Defining Occurrence – When Policy Definitions Do Not Apply To All Coverages
September 24, 2020
The Made Whole Rule and the handling of the insured’s deductible and uninsured losses alongside the subrogation claim remain ever-present topics of discussion amongst subrogation professionals and within subrogation case law. For example, in Daniels v. State Farm Mutual Automobile Insurance Co., 2019 WL 2909308 (Wash. July 3, 2019), the Washington Supreme Court considered whether the Made Whole Doctrine applies in the property insurance context. In Daniels, State Farm insured Lazuri Daniels, who was an innocent driver involved in a multi-vehicle accident. Daniels’s policy with State Farm included a $500.00 deductible. State Farm paid for the damages to the Daniels’s vehicle that were in excess of the aforementioned deductible. Subsequently, State Farm asserted a subrogation claim for its insurance payments against the at-fault driver’s insurer, GEICO. GEICO paid State Farm 70 percent of the claimed damages and State Farm, in turn, reimbursed Daniels 70 percent of her deductible.
Subsequently, Ms. Daniels filed a lawsuit against State Farm, which sought class action status. The complaint alleged that State Farm was in violation of Washington’s Made Whole Rule and the applicable insurance policies, since it did not wholly reimburse its insureds for their deductibles from the subrogation recoveries. The Washington Supreme Court ruled that “a fault-free insured must be made whole for their entire loss before an insurer may offset or recover its own payments. Stated another way, the proceeds of any recovery from a third-party tortfeasor, whether in a subrogation action or otherwise, must be allocated in such a way as to first make the insured whole.” Daniels, 2019 WL 2909308 at 14.
On September 26, 2019, Mark Johnson and Molly Johnson filed a lawsuit against State Farm in Montana State Court, which asserted class action claims. Similar to Daniels, the Johnson case involved an automobile accident in which Ms. Johnson allegedly suffered damages in excess of her State Farm policy, as well as uninsured damages and associated costs that were not covered by the policy at all. Allegedly, State Farm asserted subrogation claims against the at-fault driver and their insurer, and collected a subrogated recovery prior to Ms. Johnson being “made whole.” Specifically, the complaint alleges, that State Farm’s “assertion of a subrogated right arising from an automobile accident with a third party before the insured has been made whole for all losses and costs of recovery… violates Montana public policy and breaches the terms of the insurance contract as conformed to the requirements of Montana law.” On May 4, 2020, the Johnson case was removed from Montana State Court to the Federal District Court. Johnson et al. v. State Farm Mutual Automobile Insurance Company et al. Company (9:20-cv-00055).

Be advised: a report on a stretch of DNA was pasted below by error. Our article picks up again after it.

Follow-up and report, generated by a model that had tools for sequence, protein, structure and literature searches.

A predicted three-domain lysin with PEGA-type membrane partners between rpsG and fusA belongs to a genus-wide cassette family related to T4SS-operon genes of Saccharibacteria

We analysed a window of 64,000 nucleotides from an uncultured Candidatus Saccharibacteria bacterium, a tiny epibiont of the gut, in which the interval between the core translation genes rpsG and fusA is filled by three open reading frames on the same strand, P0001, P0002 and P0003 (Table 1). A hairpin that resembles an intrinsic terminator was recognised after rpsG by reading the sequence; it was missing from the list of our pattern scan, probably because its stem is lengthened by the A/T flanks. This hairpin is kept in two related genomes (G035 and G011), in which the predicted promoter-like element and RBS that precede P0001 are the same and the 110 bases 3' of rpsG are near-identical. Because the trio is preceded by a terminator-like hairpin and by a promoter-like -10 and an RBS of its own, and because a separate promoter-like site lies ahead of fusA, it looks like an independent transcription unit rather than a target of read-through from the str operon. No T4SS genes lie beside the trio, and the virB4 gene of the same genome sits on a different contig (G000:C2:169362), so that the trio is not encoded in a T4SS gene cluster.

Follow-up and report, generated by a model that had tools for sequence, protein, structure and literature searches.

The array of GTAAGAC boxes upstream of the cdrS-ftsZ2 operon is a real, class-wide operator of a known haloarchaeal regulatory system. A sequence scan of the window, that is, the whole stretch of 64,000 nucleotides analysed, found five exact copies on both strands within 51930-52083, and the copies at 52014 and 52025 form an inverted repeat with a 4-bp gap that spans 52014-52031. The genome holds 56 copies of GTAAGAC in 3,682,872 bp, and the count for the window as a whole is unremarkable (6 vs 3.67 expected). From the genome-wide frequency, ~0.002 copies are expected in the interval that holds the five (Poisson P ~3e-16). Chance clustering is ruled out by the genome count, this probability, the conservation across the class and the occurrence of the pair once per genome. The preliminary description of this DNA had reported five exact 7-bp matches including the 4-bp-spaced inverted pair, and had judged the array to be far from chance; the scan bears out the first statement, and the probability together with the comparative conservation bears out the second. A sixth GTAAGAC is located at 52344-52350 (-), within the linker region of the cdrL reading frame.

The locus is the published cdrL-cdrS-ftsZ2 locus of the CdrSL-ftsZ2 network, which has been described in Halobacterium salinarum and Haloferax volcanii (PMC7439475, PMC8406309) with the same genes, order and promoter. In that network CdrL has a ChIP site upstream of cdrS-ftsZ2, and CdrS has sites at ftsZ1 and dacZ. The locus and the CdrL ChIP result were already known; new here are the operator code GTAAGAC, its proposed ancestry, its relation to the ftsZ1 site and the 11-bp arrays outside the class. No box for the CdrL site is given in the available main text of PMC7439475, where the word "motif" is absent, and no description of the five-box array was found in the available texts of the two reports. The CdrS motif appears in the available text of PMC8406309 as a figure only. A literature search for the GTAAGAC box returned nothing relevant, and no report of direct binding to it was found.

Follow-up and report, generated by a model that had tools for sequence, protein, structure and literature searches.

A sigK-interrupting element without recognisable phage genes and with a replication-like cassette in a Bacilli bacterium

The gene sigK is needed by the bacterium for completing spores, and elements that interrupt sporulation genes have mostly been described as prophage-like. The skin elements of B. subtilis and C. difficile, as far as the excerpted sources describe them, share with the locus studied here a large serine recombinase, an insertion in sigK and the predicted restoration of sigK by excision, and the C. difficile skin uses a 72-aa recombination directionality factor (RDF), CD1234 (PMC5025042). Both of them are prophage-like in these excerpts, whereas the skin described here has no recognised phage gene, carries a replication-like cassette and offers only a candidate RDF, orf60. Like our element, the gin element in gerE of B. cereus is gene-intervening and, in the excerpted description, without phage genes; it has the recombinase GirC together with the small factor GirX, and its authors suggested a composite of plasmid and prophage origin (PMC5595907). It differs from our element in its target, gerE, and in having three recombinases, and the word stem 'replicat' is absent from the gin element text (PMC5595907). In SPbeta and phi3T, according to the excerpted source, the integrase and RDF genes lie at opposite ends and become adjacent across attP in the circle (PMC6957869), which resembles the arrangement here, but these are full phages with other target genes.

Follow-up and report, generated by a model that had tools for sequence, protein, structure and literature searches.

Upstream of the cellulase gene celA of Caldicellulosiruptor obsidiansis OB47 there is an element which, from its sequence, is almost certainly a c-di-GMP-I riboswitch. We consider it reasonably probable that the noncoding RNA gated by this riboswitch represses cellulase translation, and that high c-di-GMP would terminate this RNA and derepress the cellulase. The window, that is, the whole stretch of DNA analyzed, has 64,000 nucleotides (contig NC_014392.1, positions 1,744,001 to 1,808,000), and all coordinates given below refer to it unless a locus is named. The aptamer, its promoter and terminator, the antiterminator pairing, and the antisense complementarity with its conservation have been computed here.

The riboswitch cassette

Even though the Johnson litigation is in its relative infancy, the case serves as a reminder that the handling of the insured’s deductible and other uninsured losses is a critical component of the subrogation process. The Johnson case, as well as Daniels, also highlight the importance of discussing the recovery efforts and the handling of the insured’s deductible and uninsured losses with counsel prior to initiation of subrogation recovery efforts. In some instances (but not all), a post-loss agreement with the insured, which contains new consideration, such as the carrier’s advancement of subrogation related costs, may help avoid any disputes with the insured over the allocation of subrogation/recovery proceeds in the future. For additional information regarding the handling of the insured’s deductible and other uninsured losses with the subrogation claim, we encourage you to listen to this episode of Butler’s podcast, “SubroSense,” which was dedicated to this very topic. Additionally, please be sure to check out this week’s “Thursday Tip,” which includes a discussion about the use of joint allocation agreements.